The main character, Agnes, is a pious innocent, who is sent to the manor house from her village to be companion to the Lord's ward, Leah. As we get closer to Leah's birthday, when she will be proclaimed the legal inheritor to the Lord's estate, Aggie discovers long-kept secrets in the Manor and in the village, and her piety (not her faith--there doesn't seem to be any, really; no one prays to a bird for guidance) is shaken.

Is it just me, or is the patchwork too obvious in this book? The swanskin, the religion, the government, the wise fool, the unctuous villain, the rustic but honest sweetheart, the village-manor house relationship, even the human relationships all seem have been carried in from other places. I could easily blurb this book and make it sound absolutely compelling, because all the elements are there. But I never felt I was really living in the story, while I was reading it. Yet it was well written. Perhaps Ambergate, the promised next book by this new author, will be better.

Monday, April 17, 2006

 

More Prehistoric Peter

I went right on to Peter Dickinson's The Kin, a series of four books about more prehistoric people. The first two are Suth's Story and Noli's Story (Penguin Putnam, 1998). In these, Dickinson explores more deeply the idea of the religious impulse in human beings (and the storytelling impulse, actually). He has some interesting insights—and the stories are rivetting. Son is gobbling up Noli's Story right now.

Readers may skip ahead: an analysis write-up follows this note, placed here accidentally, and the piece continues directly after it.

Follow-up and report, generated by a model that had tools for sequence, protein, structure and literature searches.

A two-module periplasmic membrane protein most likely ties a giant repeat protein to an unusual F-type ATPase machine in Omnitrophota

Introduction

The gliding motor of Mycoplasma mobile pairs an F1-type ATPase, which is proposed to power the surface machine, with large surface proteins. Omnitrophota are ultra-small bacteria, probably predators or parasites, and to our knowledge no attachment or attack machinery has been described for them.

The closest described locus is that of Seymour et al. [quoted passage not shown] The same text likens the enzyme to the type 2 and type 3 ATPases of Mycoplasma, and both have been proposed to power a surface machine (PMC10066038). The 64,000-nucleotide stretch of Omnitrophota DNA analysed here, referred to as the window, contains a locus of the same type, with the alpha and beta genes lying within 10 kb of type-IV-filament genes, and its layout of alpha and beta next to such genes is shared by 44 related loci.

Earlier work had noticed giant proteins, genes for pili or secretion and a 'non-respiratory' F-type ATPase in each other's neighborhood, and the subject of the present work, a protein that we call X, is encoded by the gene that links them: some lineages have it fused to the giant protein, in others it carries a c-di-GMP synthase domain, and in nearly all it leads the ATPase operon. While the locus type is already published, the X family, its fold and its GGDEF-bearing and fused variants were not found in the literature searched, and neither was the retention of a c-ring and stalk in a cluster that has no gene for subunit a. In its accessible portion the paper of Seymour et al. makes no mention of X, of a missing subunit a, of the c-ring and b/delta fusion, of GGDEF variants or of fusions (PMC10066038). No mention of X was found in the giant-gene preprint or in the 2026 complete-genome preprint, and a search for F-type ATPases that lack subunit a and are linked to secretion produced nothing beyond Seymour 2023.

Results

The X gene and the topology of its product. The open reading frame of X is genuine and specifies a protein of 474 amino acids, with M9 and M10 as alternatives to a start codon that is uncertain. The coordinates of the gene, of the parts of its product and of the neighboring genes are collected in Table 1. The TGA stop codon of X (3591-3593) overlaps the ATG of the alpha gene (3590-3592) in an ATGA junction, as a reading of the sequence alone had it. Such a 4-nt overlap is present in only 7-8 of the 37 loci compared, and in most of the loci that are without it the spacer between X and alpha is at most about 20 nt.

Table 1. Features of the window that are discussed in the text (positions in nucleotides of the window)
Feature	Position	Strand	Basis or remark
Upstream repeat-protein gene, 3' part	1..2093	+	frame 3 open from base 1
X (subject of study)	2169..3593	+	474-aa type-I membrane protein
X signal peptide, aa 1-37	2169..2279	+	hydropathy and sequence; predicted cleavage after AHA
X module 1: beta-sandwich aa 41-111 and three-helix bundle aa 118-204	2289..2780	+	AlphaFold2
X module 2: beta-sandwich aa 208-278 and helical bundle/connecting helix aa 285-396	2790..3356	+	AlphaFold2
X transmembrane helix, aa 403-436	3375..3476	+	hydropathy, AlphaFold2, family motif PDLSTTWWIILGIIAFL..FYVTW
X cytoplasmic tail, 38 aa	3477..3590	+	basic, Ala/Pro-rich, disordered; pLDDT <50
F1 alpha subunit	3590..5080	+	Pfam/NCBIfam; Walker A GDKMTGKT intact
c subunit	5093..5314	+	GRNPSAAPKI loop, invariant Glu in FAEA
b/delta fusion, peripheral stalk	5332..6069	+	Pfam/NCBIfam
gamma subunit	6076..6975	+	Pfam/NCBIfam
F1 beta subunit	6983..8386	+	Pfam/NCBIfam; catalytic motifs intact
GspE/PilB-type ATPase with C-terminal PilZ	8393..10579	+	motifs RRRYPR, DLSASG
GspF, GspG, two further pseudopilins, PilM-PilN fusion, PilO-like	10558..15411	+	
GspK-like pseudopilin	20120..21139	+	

Somehow between churchgoing, housecleaning and Easter dinner preparations I managed to read Small Steps (Doubleday Canada, 2006), Louis Sachar's sequel to (or maybe spinoff of) Holes. It's a bit more real, and hence a bit more distressing (to someone like, say, Son) than Holes. Definitely YA. It's about Armpit; it's about the guy who's big and naive and his own worst enemy, trying not to be. Touching and sad, even when it's being hopeful.

Friday, April 14, 2006

 

The Friday That Feels Like a Sunday

A good time to blog.

Laugh Till You Cry by Joan Lowery Nixon (Random House, 2004); her last book, I guess. It's a bit slim. And not so funny as all that. Good enough for fans but not enough to make you one.

The Children Who Smelled a Rat by Allan Ahlberg (Candlewick, 2005; ill. by Katharine McEwen); Katharine gives us no reason whatsoever to miss Janet, but of course we do anyway. Very colourful and amusing and British and Ahlberg; I'll give it to Daughter to read, since there's lots of "stuff" (typefaces, spot illustration) in it and she likes that.

Tangled in Time by Lynne Fairbridge (Ronsdale Press, 1999). I'm pretty sure I read this in manuscript, a long time ago. I remember the Dutchness (it's set in Neerlandia and Edmonton) and also the unsatisfactory feel of the time-travel. This has all the ingredients of a good read; so why isn't it. It's okay and everything, just . . . flat.

Wednesday, April 12, 2006

 

Messages from the Universe